• have technological advantage
        • can produce higher value-added
      • Mergers, acquisitions, multi-national operations
      • Exit of major players into related industries
        • health sciences (e.g., DuPont)
        • agricultural science (e.g., Monsanto/Solutia)
  • Other Business Trends
    • Business and process efficiencies
    • Increased use of IT for automating all parts of business
      • enterprise level systems provide new opportunities for optimization
    • Growth of of bioprocesses / biofeedstocks
    • “ Chemistry by Design” – growing importance of computational chemistry in product development
  • Environmental Management Trends Affecting the Chemical Industry
    • Responsible Care ® and industry “self-regulation”
    • increased outsourcing and rationalization of EHS function
    • emergence of a supply-chain approach to product stewardship
    • globalization of environmental management practices
    • “mainstreaming” of sustainability
    • chemical plant security and the war on terror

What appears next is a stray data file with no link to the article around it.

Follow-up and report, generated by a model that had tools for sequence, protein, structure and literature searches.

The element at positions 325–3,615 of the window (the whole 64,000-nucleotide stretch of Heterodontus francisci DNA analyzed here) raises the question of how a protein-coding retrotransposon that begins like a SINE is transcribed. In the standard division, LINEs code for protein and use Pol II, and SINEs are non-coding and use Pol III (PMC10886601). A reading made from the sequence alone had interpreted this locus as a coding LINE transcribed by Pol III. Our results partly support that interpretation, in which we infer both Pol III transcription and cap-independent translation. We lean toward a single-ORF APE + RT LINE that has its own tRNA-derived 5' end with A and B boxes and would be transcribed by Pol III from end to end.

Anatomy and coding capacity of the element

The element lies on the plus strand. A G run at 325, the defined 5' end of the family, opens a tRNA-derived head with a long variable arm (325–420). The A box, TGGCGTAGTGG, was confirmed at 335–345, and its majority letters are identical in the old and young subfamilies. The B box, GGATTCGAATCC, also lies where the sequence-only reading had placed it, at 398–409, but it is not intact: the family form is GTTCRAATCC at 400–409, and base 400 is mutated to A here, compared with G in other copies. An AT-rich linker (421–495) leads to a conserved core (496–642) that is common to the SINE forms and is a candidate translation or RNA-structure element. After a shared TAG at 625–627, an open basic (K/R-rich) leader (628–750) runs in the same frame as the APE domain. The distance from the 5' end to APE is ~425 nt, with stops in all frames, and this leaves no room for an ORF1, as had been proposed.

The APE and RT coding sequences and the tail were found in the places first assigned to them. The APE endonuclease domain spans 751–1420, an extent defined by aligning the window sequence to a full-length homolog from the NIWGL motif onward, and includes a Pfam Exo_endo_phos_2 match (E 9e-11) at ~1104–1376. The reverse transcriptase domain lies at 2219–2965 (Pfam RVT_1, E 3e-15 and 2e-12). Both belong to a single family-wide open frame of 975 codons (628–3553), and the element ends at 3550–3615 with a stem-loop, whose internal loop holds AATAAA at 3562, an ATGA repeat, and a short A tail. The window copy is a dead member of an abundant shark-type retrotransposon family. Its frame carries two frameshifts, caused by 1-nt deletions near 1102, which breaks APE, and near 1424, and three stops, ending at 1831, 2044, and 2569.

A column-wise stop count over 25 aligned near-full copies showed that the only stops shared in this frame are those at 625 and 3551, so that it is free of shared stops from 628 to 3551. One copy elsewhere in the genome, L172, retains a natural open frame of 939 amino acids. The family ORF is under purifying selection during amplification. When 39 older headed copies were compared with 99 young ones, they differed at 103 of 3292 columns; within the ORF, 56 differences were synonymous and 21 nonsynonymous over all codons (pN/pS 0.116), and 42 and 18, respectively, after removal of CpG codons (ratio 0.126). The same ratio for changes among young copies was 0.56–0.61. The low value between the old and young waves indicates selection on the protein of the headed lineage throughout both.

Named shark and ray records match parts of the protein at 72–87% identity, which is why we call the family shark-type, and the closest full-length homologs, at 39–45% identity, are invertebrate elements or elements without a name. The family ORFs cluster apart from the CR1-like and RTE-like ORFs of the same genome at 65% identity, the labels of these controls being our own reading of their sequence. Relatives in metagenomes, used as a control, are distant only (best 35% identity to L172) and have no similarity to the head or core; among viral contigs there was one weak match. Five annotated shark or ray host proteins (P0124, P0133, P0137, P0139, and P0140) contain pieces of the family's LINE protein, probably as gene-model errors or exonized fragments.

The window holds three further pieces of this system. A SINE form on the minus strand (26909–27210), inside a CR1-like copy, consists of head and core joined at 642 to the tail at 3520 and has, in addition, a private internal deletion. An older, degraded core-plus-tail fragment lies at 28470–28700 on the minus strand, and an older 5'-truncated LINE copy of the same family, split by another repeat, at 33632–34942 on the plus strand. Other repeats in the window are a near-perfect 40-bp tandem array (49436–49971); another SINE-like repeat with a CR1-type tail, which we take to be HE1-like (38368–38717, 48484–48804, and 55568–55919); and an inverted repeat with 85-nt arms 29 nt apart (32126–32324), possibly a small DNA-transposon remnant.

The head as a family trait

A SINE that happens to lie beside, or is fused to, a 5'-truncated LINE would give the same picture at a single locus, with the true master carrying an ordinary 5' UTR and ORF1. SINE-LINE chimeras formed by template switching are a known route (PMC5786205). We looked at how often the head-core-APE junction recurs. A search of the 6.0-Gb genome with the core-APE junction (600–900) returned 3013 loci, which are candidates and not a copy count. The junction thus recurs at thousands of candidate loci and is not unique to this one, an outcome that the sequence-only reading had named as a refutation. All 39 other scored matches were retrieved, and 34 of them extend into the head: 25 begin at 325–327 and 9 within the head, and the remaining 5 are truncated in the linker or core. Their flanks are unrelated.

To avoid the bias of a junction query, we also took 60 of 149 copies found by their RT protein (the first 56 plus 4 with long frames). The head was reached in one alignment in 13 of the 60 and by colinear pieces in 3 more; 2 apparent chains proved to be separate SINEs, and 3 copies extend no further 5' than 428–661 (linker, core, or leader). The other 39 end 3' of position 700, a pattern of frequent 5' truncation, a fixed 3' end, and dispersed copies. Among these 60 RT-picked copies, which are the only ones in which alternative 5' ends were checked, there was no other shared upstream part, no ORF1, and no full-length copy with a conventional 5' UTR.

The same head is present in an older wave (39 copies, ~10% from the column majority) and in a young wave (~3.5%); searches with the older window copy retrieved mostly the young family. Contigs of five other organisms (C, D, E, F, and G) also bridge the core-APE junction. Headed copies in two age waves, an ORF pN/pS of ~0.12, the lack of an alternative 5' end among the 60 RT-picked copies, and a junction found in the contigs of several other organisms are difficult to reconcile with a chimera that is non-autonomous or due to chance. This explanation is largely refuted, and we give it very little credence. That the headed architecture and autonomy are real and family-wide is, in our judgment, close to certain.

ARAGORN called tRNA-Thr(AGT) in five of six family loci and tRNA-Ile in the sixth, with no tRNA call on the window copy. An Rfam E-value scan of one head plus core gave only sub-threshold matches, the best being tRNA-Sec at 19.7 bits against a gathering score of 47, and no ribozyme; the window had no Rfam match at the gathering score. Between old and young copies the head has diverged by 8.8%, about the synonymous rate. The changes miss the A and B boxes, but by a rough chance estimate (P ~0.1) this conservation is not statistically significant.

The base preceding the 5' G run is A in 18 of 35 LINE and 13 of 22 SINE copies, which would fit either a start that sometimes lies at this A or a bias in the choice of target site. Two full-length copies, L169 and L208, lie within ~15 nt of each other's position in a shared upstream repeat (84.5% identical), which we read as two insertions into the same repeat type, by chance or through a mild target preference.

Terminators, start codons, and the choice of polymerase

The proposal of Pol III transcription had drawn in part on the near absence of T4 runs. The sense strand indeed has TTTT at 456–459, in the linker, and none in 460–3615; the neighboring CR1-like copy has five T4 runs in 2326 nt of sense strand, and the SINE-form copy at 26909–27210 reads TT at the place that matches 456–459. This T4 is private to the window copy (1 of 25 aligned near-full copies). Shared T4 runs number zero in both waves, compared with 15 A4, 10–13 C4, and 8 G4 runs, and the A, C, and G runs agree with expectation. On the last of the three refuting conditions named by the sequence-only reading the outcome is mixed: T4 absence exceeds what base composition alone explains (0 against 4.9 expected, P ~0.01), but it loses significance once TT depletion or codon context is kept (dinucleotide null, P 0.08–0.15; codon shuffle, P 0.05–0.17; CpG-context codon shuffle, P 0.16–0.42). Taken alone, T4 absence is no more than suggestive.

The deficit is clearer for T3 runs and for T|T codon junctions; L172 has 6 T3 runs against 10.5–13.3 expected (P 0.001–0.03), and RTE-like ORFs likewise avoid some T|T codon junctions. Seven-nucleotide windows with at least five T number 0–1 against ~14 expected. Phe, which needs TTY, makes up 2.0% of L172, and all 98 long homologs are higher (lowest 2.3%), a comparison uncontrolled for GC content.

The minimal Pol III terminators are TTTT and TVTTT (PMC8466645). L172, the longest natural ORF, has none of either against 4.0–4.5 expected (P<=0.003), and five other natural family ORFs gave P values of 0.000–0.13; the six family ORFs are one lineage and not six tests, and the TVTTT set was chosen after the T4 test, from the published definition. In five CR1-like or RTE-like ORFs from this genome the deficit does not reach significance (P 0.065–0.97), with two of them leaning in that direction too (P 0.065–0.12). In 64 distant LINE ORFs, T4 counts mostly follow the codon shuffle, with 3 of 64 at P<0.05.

• Responsible Care ® and Industry Self-Regulation
    • Responsible Care ® / Responsible Distribution ® is a central paradigm in chemical industry ES&H management
    • conformance with codes is a duty of membership in major trade associations
    • purpose is to improve performance in
      • environment
      • health
      • safety
    • seeks to place industry “beyond compliance”
  • Key Elements of Responsible Care ®
    • Responsible Care ® Principles
      • Improved chemical processes
      • Significant waste reduction (P2)
      • Minimization of accidents
      • Safe production, transportation, use and disposal of materials
      • Enhanced customer relations and service (“product stewardship”)